Industrial Expansion 1860-1890
Postwar industrial expansion, partly a result of the railroad network, rapidly began to assume gigantic proportions. When Lincoln was elected in 1860, the Republic ranked only fourth among the manufacturing nations of the world. By 1894 it had bounded into first place. Why the sudden upsurge?
Liquid capital, previously scarce, was now becoming abundant. The word millionaire had not been coined until the 1840s, and in 1861 only a handful of individuals were in this class. But the Civil War, partly through profiteering, created immense fortunes; and these accumulations could now be combined with the customary borrowings from foreign capitalists.
The amazing natural resources of the nation were now about to be fully exploited, including coal, oil, and iron. For example, the Minnesota-Lake Superior region, which had yielded some iron ore by the 1850s, contributed the rich deposits of the Mesabi Range by the 1890s. This priceless bonanza, where mountains of red-rusted ore could be scooped up by steam shovels, ultimately became a cornerstone of a vast steel empire.
Unskilled labor, both homegrown and imported, was now cheap and plentiful. Steel, the keystone industry, came to be based largely on the sweat of low-priced immigrant labor, working in two twelve-hour shifts, seven days a week.
American ingenuity at the same time played a vital role in the second American industrial revolution. Techniques of mass production, pioneered by Eli Whitney, were being perfected by the captains of industry. American inventiveness flowered luxuriantly in the postwar years: between 1860 and 1890 some 440,000 patents were issued. Business operations were facilitated by such machines as the cash register, the stock ticker, and the typewriter ("literary piano"), which attracted home-confined women to industry. Urbanization was speeded by the refrigerator car, the electric dynamo, and the electric railway, which displaced animal-drawn cars.
One of the most ingenious inventions was the telephone, introduced by Alexander Graham Bell in 1876. A teacher of the deaf who was given a dead man's ear to experiment with, he remarked that if he could make the mute talk, he could make iron speak. America was speedily turned into a nation of "telephoniacs," as a gigantic communication network was built on his invention. The social impact of this instrument was further revealed when an additional army of "number please" women was attracted from the home into industry. Telephone boys were at first employed at switchboards, but their profanity shocked patrons.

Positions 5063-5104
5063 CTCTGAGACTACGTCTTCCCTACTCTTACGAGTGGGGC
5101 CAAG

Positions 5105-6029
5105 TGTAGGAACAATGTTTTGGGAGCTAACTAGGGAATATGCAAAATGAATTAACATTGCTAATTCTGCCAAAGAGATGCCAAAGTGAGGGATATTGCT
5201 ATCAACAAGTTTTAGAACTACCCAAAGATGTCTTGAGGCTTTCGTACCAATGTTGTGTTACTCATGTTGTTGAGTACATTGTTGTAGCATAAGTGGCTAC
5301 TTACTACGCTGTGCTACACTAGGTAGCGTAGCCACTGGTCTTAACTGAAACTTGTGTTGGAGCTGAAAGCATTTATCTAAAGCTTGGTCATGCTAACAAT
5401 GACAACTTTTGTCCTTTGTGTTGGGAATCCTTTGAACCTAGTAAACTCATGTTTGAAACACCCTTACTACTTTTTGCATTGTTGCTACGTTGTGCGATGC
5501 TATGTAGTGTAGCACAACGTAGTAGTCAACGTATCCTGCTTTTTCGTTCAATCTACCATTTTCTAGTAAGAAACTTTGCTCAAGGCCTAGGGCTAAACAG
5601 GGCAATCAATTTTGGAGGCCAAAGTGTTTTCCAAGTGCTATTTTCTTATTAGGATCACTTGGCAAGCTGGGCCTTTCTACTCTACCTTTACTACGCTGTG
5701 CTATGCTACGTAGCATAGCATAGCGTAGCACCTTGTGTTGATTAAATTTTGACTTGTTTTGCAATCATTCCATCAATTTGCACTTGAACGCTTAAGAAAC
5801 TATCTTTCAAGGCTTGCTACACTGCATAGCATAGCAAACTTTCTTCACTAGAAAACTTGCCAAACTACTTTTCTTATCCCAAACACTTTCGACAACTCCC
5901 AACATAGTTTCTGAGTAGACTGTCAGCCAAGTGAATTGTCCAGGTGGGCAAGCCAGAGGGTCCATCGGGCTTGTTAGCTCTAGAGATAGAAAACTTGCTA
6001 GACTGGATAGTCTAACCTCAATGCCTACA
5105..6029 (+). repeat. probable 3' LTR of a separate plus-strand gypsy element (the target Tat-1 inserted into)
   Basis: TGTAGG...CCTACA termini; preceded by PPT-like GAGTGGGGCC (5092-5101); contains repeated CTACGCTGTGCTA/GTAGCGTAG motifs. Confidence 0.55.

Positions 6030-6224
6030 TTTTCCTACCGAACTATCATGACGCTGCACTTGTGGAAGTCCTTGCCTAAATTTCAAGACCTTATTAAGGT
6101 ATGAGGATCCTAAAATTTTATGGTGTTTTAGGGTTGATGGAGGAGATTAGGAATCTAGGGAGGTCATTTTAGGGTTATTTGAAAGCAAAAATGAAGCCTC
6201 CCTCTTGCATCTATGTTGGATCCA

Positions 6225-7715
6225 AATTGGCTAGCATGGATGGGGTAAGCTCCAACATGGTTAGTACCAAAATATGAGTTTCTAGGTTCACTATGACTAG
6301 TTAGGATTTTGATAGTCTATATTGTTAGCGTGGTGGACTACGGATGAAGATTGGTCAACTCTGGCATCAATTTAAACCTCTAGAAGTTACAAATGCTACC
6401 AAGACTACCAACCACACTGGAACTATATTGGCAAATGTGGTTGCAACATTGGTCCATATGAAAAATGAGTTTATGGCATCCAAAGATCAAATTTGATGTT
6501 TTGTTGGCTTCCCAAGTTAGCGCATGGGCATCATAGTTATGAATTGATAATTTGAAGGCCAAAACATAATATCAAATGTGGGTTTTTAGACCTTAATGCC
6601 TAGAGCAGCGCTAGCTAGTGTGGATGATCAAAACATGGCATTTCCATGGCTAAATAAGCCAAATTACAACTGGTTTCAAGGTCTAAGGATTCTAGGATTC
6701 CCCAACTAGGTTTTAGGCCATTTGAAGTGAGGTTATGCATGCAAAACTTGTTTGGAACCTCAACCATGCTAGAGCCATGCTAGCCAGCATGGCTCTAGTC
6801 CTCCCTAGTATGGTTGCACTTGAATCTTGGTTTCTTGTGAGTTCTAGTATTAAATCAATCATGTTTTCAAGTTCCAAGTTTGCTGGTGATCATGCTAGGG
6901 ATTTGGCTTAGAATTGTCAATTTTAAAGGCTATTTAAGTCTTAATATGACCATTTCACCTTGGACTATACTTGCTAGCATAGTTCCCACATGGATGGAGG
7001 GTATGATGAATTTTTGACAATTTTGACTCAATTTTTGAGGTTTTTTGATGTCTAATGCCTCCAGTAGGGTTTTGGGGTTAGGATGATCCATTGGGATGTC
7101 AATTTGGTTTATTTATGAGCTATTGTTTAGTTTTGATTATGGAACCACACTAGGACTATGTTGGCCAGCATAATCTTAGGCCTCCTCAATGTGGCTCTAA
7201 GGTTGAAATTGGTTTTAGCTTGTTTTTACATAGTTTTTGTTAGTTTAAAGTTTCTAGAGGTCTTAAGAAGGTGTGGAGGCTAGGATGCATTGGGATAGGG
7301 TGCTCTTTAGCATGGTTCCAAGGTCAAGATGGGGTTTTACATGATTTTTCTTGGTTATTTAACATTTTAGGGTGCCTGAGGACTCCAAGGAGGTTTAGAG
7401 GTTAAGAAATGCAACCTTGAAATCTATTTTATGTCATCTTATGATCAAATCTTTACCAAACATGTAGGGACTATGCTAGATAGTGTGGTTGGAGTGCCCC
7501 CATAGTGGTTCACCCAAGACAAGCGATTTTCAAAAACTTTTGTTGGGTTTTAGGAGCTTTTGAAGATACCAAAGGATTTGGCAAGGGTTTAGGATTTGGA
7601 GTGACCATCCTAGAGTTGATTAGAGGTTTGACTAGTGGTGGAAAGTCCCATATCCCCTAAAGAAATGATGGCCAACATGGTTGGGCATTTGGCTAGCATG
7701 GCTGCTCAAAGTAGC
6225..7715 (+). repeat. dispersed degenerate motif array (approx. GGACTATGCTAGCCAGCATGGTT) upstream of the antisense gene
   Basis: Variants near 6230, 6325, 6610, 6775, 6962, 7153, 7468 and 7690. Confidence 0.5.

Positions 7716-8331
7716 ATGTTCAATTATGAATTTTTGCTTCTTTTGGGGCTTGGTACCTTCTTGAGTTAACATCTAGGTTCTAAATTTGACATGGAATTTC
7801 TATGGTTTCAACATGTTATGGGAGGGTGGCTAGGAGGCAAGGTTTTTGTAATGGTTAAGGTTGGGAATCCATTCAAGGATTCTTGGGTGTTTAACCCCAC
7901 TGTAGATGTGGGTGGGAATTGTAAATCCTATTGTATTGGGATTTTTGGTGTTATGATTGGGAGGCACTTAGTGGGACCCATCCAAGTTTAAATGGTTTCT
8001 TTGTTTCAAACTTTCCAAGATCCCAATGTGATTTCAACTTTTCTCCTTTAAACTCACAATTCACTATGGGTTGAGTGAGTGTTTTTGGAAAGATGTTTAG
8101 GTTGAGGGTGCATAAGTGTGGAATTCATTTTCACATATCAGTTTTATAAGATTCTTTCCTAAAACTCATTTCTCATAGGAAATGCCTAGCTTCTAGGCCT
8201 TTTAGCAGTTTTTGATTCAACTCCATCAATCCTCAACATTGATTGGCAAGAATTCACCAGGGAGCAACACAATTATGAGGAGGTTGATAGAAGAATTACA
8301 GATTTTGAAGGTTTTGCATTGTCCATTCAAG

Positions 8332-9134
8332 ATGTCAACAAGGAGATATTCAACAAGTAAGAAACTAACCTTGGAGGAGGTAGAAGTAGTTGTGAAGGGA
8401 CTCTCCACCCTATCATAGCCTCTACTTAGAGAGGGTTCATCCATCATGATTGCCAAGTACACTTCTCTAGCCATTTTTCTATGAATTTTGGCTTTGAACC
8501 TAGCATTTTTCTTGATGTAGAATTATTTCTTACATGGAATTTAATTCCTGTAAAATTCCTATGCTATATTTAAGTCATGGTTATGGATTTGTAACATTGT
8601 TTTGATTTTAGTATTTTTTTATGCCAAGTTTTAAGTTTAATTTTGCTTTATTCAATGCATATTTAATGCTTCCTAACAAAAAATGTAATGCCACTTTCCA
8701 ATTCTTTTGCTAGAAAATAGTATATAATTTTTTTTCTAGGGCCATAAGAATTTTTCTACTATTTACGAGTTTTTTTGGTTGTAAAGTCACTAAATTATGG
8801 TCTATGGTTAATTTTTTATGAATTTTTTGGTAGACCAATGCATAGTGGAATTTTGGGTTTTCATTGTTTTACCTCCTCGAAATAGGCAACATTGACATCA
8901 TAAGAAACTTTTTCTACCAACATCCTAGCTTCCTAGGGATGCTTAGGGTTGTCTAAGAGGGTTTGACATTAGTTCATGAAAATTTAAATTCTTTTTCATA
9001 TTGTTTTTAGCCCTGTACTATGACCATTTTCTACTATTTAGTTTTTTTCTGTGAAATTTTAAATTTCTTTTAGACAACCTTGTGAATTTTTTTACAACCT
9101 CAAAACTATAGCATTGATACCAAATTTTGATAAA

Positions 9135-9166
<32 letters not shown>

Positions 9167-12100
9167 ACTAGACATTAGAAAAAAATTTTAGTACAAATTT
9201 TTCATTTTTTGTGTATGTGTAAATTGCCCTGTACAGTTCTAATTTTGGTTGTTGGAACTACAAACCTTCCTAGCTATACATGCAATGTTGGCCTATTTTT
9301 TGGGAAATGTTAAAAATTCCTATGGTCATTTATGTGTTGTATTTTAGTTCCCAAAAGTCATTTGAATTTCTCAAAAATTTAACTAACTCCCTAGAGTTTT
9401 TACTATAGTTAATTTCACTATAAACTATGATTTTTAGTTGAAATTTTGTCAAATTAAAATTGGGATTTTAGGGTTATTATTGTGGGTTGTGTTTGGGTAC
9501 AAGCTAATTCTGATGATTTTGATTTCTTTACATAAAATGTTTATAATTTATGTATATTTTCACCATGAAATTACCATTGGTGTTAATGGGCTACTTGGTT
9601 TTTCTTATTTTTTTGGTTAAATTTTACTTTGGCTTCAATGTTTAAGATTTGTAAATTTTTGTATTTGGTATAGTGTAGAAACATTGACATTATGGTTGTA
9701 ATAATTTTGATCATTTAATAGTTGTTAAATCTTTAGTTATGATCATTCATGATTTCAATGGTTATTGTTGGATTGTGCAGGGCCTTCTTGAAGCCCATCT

The most versatile inventor of all was Thomas A. Edison, who as a boy had been considered so dull-witted that he was taken out of school. This "Wizard of the Wires" ran a veritable invention factory in New Jersey. He is perhaps best known for his perfection in 1879 of the electric light, which he unveiled after trying some six thousand filaments. So deaf that he was not easily distracted, he displayed sleepless energy and a flair for practical money-making schemes rather than pure science. He invented, perfected, or did useful exploratory work on the phonograph, the mimeograph, the dictaphone, and the moving picture. "Genius," he said, "is one percent inspiration and ninety-nine percent perspiration.""
Steel is king!" might well have been the exultant war cry of the new industrialized generation. The mighty metal ultimately held together the new steel civilization, from skyscrapers to coal scuttles, while providing it with food, shelter, and transportation. Steel making, notably rails for railroads, typified the dominance of "heavy industry," which concentrated on making "capital goods," as distinct from the production of "consumer goods" such as clothes and shoes.
Now taken for granted, steel was a scarce commodity in the wood-and-brick America of Abraham Lincoln. Considerable iron went into railroad rails and bridges, but steel was expensive and was used largely for products like cutlery. The early iron horse snorted exclusively (and dangerously) over iron rails; and when in the 1870s "Commodore" Vanderbilt of the New York Central began to use steel rails, he was forced to import them from England.
Yet within an amazing twenty years, the United States had outdistanced all foreign competitors and was pouring out more than one-third of the world's supply of steel. By 1900 the Americans were producing as much as England and Germany combined.
What wrought the transformation? Chiefly the invention in the 1850s of a method of making cheap steel--the Bessemer process. It was named after a derided British inventor, although an American had stumbled on it a few years earlier. William Kelly, a Kentucky manufacturer of iron kettles, discovered that cold air blown on red-hot iron caused the metal to become white-hot by igniting the carbon and thus eliminating impurities. He tried to apply the new "air boiling" technique to his own product, but his customers decried "Kelly's fool steel," and his business declined. Gradually the Bessemer-Kelly process won acceptance, and these two "crazy men" ultimately made possible the present steel civilization.
A revolutionary steel-fabricating process was not the whole story. America was one of the few places in the world where one could find relatively close together abundant coal for fuel, rich iron ore for smelting, and other essential ingredients for making steel. The nation also boasted an abundant labor supply, guided by industrial know-how of a high order. The stage was set for miracles of production."
"Monarchs of yore invoked the divine right of kings, and America's industrial plutocrats took a somewhat similar stance. Some candidly credited heavenly help, and the body of ideas with which they justified their social position came to be known as the "Gospel of Wealth." "Godliness is in league with riches," preached the Episcopal bishop of Massachusetts, and hardfisted John D. Rockefeller piously acknowledged that "the good Lord gave me my money." But most defenders of wide-open capitalism relied more heavily on the survival-of-the-fittest theories of Charles Darwin. "The millionaires are a product of natural selection," concluded Yale Professor William Graham Sumner. "They get high wages and live in luxury, but the bargain is a good one for society." Despite plutocracy and deepening class divisions, the captains of industry provided material progress.